California is simultaneously implementing two major — even historic — changes in its 6-million-student public school system, and all adults involved pledge that they have the best interests of those kids at heart.
They may be telling the truth about their motives.
Nevertheless, the adoption of Common Core academic standards and Gov. Jerry Brown's plan to give more money to districts with large numbers of poor and English learner students are venues in which old adversaries can renew their old power struggles.
Once again, parents, reformers, unions, administrators, school board members, etc., are sparring over such issues as academic standards, testing, teacher accountability and charter schools.
State schools Superintendent Tom Torlakson and teacher unions, for example, are pressing legislation (Assembly Bill 484) to abolish the current accountability system, based on testing, with the promise to create one aligned to Common Core standards. School reform groups such as EdVoice fear that the shift will undermine the legal tools used by parents to take control of failing schools and convert them to charters — a process that the unions have long opposed. Not coincidentally, the Legislature has passed and sent to Brown a bill (Assembly Bill 917) that would expand union influence over charter school creation.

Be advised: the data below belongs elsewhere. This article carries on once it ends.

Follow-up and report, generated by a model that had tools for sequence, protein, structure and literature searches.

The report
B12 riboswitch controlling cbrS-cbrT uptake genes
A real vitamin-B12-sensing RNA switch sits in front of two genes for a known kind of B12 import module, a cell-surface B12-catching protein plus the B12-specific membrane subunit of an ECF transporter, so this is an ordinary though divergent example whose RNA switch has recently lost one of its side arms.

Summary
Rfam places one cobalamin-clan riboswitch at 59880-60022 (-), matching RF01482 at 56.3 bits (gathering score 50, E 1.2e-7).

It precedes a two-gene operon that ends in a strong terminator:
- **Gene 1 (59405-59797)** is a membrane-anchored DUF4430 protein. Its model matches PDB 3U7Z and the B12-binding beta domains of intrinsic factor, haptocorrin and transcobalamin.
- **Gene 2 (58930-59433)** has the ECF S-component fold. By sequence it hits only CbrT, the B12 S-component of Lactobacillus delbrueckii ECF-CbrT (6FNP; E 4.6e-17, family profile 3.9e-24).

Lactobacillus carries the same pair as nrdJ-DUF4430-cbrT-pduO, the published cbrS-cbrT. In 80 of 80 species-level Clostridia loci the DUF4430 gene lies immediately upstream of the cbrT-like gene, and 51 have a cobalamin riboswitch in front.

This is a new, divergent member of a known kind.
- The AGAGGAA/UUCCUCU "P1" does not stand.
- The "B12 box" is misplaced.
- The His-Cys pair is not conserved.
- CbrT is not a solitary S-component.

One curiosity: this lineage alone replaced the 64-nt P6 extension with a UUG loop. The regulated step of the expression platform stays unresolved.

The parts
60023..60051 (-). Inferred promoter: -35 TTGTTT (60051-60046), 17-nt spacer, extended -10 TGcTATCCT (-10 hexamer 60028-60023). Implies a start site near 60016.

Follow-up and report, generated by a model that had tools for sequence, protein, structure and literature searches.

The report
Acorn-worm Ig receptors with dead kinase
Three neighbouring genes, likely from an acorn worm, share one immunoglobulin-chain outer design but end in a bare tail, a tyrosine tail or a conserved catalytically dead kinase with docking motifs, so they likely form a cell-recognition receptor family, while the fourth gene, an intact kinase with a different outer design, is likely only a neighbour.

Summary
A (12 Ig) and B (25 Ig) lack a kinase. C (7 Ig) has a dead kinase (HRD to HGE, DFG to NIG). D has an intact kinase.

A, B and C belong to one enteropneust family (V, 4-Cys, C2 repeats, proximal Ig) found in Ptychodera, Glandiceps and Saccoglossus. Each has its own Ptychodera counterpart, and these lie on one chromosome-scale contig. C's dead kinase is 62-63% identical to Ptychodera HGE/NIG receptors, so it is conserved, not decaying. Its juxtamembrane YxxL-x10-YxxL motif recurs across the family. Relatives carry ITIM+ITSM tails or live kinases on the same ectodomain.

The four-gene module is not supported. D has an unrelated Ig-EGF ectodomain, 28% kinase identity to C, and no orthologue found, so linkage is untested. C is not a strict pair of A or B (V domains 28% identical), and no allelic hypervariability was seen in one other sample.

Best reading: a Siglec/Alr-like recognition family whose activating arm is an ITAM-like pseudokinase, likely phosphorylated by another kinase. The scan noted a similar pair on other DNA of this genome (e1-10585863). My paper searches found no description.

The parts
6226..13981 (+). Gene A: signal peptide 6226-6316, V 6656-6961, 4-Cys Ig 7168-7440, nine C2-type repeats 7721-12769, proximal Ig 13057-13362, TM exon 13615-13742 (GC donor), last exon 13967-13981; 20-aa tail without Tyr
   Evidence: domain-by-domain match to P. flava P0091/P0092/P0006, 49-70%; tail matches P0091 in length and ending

Meanwhile, the same groups are sparring over the state Board of Education's implementation of the school finance overhaul — specifically over whether extra money will be tightly allocated and monitored, or given to districts with wide flexibility, thus putting more on the table for staff salaries.
Legislation (Senate Bill 344) that would have tightened the allocation of the funds was watered down due to opposition from school officials, who want maximum flexibility. A lengthy hearing before the state school board last week put the sharp differences on display, with civil rights groups demanding that the extra money be concentrated on kids it's meant to help.
Quietly, meanwhile, the Legislature sent Brown a "cleanup" to the school finance bill that requires local plans to spend the money to comply with union contracts, thus giving the unions more clout when the money is being distributed at the local level. Unions will have a year to negotiate contracts before the local plans are adopted. All in all, the unions seem to be winning these battles in the political trenches. Interestingly — and perhaps significantly — the taxing and voting public wants to go the other way.
A recent poll conducted for the University of Southern California's Rossier School of Education found that by strong majorities, California voters want strong testing of students' academic performance and want test results to be used in teacher evaluations.
Dan Walters is a columnist for the Sacramento Bee.